FORT WALTON BEACH — In general, the Okaloosa County School District’s finances appear to be in good shape, according to a recently completed audit.
The Florida Auditor General’s Office identified a few issues with the district’s procedures and practices during its financial, operation and federal single audit, but overall found the “district’s basic financial statements were presented fairly, in all respects, in accordance with the prescribed financial reporting standards.”
“They’re always going to have some findings,” said Rita Scallan, the district’s chief financial officer. “ … But it’s a good audit. It shows that we are doing things as we should be.”
Read the full audit report.
The school district is audited annually, but every three years the Auditor General's Office conducts its own audit, she said.
Fourteen issues were uncovered when finances and procedures from July 1, 2011 to June 30, 2012 were reviewed.
The most significant finding was a series of reporting errors for construction-related projects, but safeguards have since been put in place to correct it and ensure it doesn’t happen again, Scallan said.
“There was no impact to the bottom line of the financial statement,” Scallan said. “It was a matter of when the liability should have been reported.”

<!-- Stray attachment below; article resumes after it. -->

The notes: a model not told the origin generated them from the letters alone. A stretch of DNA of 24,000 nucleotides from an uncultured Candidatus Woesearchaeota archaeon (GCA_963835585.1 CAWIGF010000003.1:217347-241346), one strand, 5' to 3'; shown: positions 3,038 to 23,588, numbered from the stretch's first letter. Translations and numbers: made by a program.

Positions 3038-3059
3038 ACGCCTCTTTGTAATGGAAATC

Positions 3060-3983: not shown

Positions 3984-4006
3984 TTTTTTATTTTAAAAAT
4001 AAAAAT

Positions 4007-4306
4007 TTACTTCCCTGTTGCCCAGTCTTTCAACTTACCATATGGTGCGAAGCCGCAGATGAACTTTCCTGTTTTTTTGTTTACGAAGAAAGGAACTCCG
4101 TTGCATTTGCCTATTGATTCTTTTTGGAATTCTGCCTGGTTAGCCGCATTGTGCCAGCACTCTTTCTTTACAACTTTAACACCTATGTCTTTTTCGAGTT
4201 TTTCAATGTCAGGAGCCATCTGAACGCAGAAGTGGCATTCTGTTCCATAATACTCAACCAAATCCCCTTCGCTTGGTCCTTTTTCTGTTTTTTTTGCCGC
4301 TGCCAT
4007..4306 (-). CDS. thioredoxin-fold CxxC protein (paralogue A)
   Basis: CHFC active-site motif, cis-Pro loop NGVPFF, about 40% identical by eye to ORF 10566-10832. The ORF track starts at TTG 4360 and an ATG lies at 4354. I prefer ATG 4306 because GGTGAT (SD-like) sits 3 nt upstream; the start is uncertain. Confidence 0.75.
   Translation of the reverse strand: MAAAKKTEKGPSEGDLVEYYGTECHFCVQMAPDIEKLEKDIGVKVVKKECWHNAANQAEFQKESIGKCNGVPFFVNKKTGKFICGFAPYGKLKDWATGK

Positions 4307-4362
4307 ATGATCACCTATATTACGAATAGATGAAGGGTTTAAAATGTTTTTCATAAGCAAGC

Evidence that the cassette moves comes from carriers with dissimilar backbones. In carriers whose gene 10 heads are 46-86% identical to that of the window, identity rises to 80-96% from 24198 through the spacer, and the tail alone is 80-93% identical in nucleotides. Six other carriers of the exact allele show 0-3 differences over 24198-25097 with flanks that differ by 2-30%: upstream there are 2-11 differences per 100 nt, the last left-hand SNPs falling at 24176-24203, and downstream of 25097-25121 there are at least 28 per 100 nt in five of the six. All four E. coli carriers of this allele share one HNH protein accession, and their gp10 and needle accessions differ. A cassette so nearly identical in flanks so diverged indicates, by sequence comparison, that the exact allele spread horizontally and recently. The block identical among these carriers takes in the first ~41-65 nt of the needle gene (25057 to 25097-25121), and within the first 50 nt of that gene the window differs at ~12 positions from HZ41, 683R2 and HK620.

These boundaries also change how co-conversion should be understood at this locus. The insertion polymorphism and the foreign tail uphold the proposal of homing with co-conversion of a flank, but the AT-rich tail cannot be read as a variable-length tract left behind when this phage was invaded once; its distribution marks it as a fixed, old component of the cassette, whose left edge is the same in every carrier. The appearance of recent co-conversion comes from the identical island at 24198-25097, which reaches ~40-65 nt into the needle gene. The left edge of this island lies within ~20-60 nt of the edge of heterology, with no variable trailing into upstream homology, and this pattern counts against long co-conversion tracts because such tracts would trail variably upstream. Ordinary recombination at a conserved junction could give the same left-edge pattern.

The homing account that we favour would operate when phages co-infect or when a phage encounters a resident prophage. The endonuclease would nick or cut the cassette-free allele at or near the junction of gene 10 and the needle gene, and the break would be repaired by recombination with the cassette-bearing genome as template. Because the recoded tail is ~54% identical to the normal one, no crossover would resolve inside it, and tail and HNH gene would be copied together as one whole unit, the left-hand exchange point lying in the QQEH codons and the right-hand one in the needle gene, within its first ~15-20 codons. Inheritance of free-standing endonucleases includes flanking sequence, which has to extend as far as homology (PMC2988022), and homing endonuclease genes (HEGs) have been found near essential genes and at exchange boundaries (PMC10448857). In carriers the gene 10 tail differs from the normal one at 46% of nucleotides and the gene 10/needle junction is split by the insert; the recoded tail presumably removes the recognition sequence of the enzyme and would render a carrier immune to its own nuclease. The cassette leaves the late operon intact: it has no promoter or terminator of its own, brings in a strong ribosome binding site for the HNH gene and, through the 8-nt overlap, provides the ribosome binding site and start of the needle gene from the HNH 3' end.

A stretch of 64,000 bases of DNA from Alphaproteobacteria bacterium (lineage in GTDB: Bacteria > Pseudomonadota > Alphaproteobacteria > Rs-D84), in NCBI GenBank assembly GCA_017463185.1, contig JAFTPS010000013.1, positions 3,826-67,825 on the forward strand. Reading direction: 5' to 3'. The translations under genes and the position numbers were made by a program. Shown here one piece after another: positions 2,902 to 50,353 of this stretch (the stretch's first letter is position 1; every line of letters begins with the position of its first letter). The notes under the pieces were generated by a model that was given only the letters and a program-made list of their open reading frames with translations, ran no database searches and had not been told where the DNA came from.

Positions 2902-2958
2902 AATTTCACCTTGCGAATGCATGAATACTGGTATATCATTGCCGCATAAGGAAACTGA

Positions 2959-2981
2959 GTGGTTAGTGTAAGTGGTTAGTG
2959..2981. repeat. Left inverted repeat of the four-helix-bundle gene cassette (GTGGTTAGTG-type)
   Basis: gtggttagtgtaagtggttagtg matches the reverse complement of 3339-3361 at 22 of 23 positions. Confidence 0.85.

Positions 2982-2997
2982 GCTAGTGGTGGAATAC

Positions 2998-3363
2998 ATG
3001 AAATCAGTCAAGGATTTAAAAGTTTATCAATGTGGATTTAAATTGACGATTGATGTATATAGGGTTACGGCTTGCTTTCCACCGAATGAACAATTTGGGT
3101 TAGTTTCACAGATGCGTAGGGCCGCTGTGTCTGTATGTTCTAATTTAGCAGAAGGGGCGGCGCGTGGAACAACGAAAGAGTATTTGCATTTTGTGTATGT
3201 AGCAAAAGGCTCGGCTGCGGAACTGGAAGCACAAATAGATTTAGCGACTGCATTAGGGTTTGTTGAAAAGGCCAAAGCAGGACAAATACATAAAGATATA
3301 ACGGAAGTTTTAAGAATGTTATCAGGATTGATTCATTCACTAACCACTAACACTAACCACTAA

The district was also citied for not having a procedure for reporting fraud and not providing “evidence that ad valorem tax levy proceeds were used for authorized purposes,” the report stated.
The district is working to amend those problems as well as the other 11 issues identified, according to a response to the audit submitted by Superintendent of Schools Mary Beth Jackson.
One other issue identified in the audit was the district’s reliance on state funding for the bulk of its budget.
“The School Board of Okaloosa County remains in stable financial condition but continues to face uncertain economic times,” the report stated. “The district’s current operations depend on state revenue sources … The primary source of state revenue is sales tax, which has demonstrated to be an unstable and unreliable revenue stream.”
Discussions in the state House and Senate indicate they plan to increase K-12 funding by more than $1 billion in the upcoming budget year because of positive signs in the economy, but it’s unclear exactly how the money will be dispersed.
Right now, Gov. Rick Scott has proposed increasing per-student funding by more than $400, but the House has a budget increasing it by $395 and the Senate has one boosting it by only $372.
The difference between the House’s proposal and the Senate’s could diminish the district’s bottom line by about $750,000, Scallan said.
The Associated Press contributed to this report.
Contact Daily News Staff Writer Katie Tammen at 850-315-4440 or firstname.lastname@example.org. Follow her on Twitter @KatieTnwfdn.